Friday, 22 June 2012

Introducing a new thing. [Passwordle: what is it?]

So LinkedIn got hacked the other day. I (like many) received an email saying that my password had been obtained by some talented crackers. The passwords were hashed but there was no salt so many of the stolen passwords had been 'un-hashed'.

Turns out I'm a bit of a chump when it comes to passwords. I do tend to only use just a handful of passwords so if someone knows one it's pretty bad business for me. As a dev there's no excuse for reusing passwords.

I decided to do something about it but rather than creating a new password for each site I frequent I thought I'd write a little app to hash one master password with the URL of a website. That way I only need to remember one password but each site I visit gets a different hashed code.

Firstly I thought I'd see if anything similar already existed - standard - to my delight I found this: Did exactly what I wanted, not only that but it also contained a link to another version - sweeeet.

Trouble is: I think the passwords it generates are pretty weak. There is a version which uses a different hash algorithm but no version produces a password longer than 10 characters, nor do they guarantee upper and lower case, digits, symbols and letters. I decided to create my own.

Here it is:

It will always produce a strong password which will always contain digits, upper and lower case letters and symbols. The smallest length password it will produce is 16 characters, if the length of your master password is longer than 16 characters then the generated password will match its length.

I also added a 'name' field so you can add your initials or name or some other text to the generation process to ensure two users using the same master password can still generate different passwords.

I also interlace a mildly hashed version of the 'master' password into the generated passwords - just because I think it looks cool if the generated password vaguely resembles the original.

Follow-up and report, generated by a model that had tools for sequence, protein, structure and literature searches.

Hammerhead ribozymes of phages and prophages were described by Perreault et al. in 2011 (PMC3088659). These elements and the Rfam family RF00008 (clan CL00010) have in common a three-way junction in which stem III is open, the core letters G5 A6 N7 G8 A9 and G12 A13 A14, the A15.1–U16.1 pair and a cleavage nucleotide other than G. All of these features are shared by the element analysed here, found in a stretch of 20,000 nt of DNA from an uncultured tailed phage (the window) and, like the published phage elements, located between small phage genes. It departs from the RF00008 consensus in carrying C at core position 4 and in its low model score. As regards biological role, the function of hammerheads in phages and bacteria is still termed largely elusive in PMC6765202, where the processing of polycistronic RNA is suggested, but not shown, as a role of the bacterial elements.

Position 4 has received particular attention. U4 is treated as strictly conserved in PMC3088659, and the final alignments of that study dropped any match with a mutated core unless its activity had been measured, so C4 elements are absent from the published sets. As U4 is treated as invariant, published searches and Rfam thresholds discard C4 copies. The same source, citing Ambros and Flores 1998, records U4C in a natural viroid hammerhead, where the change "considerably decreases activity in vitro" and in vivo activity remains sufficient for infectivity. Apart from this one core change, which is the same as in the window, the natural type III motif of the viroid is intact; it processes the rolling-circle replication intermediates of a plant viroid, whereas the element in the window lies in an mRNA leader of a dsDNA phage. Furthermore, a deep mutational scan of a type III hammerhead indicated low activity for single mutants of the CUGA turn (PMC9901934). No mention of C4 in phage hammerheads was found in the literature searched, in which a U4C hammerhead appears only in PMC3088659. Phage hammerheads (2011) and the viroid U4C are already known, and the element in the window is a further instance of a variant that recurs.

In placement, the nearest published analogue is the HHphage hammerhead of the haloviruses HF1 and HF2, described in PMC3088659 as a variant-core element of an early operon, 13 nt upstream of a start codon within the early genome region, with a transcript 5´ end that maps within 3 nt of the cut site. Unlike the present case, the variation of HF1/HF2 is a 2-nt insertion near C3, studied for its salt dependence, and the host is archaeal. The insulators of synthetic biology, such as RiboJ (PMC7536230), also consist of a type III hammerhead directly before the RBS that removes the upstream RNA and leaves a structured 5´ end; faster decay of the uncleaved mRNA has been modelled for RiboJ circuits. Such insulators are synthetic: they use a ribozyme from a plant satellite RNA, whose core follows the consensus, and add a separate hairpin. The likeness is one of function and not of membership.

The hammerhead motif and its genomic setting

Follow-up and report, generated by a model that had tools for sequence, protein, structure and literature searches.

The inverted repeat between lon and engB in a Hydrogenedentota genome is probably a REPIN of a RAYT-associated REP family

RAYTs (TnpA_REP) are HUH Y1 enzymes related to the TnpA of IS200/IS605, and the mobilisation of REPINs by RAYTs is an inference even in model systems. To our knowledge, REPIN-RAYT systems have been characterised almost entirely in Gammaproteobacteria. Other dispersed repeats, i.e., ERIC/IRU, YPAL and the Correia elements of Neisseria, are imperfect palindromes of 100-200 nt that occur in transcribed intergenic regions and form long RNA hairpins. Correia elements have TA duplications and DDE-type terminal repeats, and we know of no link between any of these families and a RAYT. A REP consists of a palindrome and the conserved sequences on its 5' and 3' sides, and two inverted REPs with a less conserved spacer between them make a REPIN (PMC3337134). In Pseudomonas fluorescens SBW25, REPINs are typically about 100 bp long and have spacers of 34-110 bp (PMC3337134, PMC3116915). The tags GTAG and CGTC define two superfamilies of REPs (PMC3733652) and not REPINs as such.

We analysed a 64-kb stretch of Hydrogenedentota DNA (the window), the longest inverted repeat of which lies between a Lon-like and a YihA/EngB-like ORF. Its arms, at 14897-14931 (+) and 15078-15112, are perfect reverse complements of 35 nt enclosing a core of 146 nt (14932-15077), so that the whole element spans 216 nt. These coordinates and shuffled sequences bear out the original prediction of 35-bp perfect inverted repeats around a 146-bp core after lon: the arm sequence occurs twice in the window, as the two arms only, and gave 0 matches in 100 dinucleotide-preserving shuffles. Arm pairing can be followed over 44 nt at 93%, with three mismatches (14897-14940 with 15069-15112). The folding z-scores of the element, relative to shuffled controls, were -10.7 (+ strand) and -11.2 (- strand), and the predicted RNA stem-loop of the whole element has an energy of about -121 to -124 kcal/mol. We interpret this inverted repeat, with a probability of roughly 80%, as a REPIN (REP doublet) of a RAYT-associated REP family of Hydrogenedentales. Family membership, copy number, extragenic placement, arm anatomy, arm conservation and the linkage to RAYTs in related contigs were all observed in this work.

Wednesday, 11 April 2012

Alferd Spritesheet Unpacker. [Unpacking Algorithms]

During the end of 2011 I created a sprite sheet app called 'Alferd Spritesheet Unpacker' (you can download it here). It's a spriting tool which takes a single spritesheet bitmap and extracts each individual frame of animation and saves it as a new bitmap.

It looks like this:

I do get emails from users about the app from time to time, and I've had a few asking about the algorithm used in ASU to identify the frames. Rather than reply individually I thought I'd resurrect this blog and outline how it works.

Finding Boxes
  1. Firstly ASU iterates over every pixel in the Spritesheet to determine the most frequent colour. This colour then becomes the 'Background colour'.
  2. ASU then iterates over every pixel in the Spritesheet moving left to right, top to bottom. 
  3. When ASU finds a pixel that is a different colour to the 'Background colour' it creates a box. Fig. 1 below shows a Dan Hibiki sprite you might find in a Spritesheet bitmap.
    • The box's top left coordinate is the first non 'Background colour' pixel found during the previous step. 
    • ASU then iterates left to right until it finds the next 'Background colour' pixel. The number of pixels iterated becomes the box width. 
    • The height of the box is the number of pixels below the top left or top right of the box before we find a 'Background colour' pixel (whichever is greater).  Fig. 2 shows the first box found for this Sprite.